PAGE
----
As I read Julia Esquivel’s poem, They Have Threatened Us with Resurrection,” I could not help see her lyric as pertinent for our time and various places 36 years later. In light of the endless streams of stories of despair and senseless violence (as if there was any other kind) near and far, the Guatemalan poet and theologian offers us a reminder that the greatest threat to our despair and the powers that be is the hope of the resurrection and the inability for death to ever have the last word. This was something Esquivel knew first hand, as the activist, poet, and minister was on the frontline of justice movements in the midst of political unrest and genocide in her beloved Guatemala in the middle portion of the twentieth century. Esquivel would ultimately be forced to flee her country in 1980 and find exile in, among other places, Mexico, Nicaragua, and a monastic community in Switzerland. Read more about this radical and revolutionary saint here.  

Rather than butcher the beauty of the poetry through paraphrase and preface, read a portion of it below or the full text here. The poem comes from Julia Esquivel’s larger collection, Threatened with Resurrection; Prayers and Poems from an Exiled GuatemalanAnn Woehrle, trans. (Elgin, Illinois: Brethren Press, 1994). As many preachers and teachers have already discovered, I am sure there will be need to revisit this piece come Easter.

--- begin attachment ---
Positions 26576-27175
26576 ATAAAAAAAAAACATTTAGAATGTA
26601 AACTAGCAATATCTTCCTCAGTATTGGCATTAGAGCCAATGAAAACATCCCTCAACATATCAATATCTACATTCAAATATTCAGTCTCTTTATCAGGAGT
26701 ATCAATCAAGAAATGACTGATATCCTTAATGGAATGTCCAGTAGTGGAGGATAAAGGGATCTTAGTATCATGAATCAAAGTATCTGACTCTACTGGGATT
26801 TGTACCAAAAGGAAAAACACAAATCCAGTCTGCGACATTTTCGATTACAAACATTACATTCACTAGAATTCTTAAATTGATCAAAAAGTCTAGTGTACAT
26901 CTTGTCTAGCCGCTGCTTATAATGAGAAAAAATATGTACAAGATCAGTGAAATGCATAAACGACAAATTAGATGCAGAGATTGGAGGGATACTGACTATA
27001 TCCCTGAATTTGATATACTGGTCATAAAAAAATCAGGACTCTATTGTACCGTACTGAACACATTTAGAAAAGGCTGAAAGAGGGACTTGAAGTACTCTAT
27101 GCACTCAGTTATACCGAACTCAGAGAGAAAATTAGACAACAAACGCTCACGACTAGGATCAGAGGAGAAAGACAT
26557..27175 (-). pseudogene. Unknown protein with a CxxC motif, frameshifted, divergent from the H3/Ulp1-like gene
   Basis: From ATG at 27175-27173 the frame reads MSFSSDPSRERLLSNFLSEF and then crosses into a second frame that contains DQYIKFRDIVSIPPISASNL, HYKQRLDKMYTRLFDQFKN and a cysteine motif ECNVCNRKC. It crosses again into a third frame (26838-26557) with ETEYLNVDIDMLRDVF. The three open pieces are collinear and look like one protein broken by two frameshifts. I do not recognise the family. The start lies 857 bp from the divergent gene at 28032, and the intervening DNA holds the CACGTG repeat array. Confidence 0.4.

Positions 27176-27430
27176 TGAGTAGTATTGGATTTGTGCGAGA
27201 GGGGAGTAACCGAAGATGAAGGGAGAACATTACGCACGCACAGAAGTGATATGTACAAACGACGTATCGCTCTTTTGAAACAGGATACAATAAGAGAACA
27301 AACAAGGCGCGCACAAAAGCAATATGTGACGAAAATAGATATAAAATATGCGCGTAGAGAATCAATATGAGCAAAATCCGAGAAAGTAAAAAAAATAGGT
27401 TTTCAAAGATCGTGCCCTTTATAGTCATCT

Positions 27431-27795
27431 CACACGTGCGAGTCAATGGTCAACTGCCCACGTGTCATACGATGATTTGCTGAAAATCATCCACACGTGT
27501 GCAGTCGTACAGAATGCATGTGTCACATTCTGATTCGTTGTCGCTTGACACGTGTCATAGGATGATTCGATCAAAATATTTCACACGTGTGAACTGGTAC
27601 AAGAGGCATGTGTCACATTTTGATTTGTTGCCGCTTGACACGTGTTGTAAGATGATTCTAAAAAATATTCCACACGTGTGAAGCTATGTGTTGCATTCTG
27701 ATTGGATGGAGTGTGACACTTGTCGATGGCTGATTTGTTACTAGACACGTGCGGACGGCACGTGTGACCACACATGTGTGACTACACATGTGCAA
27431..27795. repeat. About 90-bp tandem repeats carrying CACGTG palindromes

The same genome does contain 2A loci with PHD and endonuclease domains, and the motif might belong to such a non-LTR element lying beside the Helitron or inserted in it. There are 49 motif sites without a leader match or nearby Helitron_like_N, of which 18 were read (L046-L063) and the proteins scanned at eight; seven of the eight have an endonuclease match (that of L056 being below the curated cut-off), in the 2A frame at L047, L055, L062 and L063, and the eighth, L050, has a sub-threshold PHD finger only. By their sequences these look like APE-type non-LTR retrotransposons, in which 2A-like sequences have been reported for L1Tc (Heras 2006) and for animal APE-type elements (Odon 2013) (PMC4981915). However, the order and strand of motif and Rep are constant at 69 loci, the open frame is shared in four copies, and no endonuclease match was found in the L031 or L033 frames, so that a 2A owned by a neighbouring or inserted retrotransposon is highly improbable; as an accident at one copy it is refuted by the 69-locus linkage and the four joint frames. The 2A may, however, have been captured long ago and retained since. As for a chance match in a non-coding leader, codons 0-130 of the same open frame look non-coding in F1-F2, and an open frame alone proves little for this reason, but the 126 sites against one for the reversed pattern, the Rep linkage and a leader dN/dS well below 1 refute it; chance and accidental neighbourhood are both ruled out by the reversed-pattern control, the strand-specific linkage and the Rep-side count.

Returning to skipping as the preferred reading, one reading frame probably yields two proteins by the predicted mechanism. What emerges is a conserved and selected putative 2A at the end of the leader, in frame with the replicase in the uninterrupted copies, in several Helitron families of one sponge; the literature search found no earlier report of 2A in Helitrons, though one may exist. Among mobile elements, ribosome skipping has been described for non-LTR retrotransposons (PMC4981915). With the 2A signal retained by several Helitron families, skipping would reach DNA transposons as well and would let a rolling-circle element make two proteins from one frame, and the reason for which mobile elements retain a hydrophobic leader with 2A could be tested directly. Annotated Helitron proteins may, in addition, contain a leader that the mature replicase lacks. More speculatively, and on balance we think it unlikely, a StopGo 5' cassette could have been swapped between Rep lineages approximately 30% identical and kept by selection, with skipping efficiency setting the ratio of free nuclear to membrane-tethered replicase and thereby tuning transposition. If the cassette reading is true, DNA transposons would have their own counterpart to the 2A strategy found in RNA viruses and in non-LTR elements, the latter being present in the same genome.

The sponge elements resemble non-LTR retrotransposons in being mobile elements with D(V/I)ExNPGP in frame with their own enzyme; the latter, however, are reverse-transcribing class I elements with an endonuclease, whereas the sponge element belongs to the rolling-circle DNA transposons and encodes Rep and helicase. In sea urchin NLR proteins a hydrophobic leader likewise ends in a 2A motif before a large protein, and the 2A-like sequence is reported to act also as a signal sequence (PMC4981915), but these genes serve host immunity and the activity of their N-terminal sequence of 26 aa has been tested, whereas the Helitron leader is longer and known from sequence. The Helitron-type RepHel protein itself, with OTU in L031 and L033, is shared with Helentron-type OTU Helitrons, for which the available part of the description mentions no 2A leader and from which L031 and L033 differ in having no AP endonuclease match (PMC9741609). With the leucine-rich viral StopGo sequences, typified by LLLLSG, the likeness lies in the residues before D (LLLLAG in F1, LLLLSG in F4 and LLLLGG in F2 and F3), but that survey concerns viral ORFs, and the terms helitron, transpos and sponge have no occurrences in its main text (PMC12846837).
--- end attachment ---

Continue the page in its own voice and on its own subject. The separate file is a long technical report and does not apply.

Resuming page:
"They Have Threatened Us with Resurrection" (an excerpt)

It is something within us that doesn't let us sleep,
that doesn't let us rest,
that won't stop pounding
deep inside,
it is the silent, warm weeping
of Indian women without their husbands,
it is the sad gaze of the children
fixed somewhere beyond memory,
precious in our eyes
which during sleep,
though closed, keep watch,

Now six have left us,
and nine in Rabinal,
and two, plus two, plus two,
and ten, a hundred, a thousand,
a whole army
witness to our pain,
our fear,
our courage,
our hope!

What keeps us from sleeping
is that they have threatened us with Resurrection!
Because every evening
though weary of killings,
an endless inventory since 1954,
yet we go on loving life
and do not accept their death!

They have threatened us with Resurrection
Because we have felt their inert bodies,
and their souls penetrated ours
doubly fortified,
because in this marathon of Hope,
there are always others to relieve us
who carry the strength
to reach the finish line
which lies beyond death.

They have threatened us with Resurrection
because they will not be able to take away from us
their bodies,
their souls,
their strength,
their spirit,
nor even their death
and least of all their life.

Because they live
today, tomorrow, and always
in the streets baptized with their blood,
in the air that absorbed their cry,
in the jungle that hid their shadows,
in the river that gathered up their laughter,
in the ocean that holds their secrets,
in the craters of the volcanoes,
Pyramids of the New Day,
which swallowed up their ashes.

They have threatened us with Resurrection
because they are more alive than ever before,
because they transform our agonies
and fertilize our struggle,
because they pick us up when we fall,
because they loom like giants
before the crazed gorillas' fear…

...Join us in this vigil
and you will know what it is to dream!
Then you will know how marvelous it is
to live threatened with Resurrection!
To dream awake,
to keep watch asleep,
to live while dying,
and to know ourselves already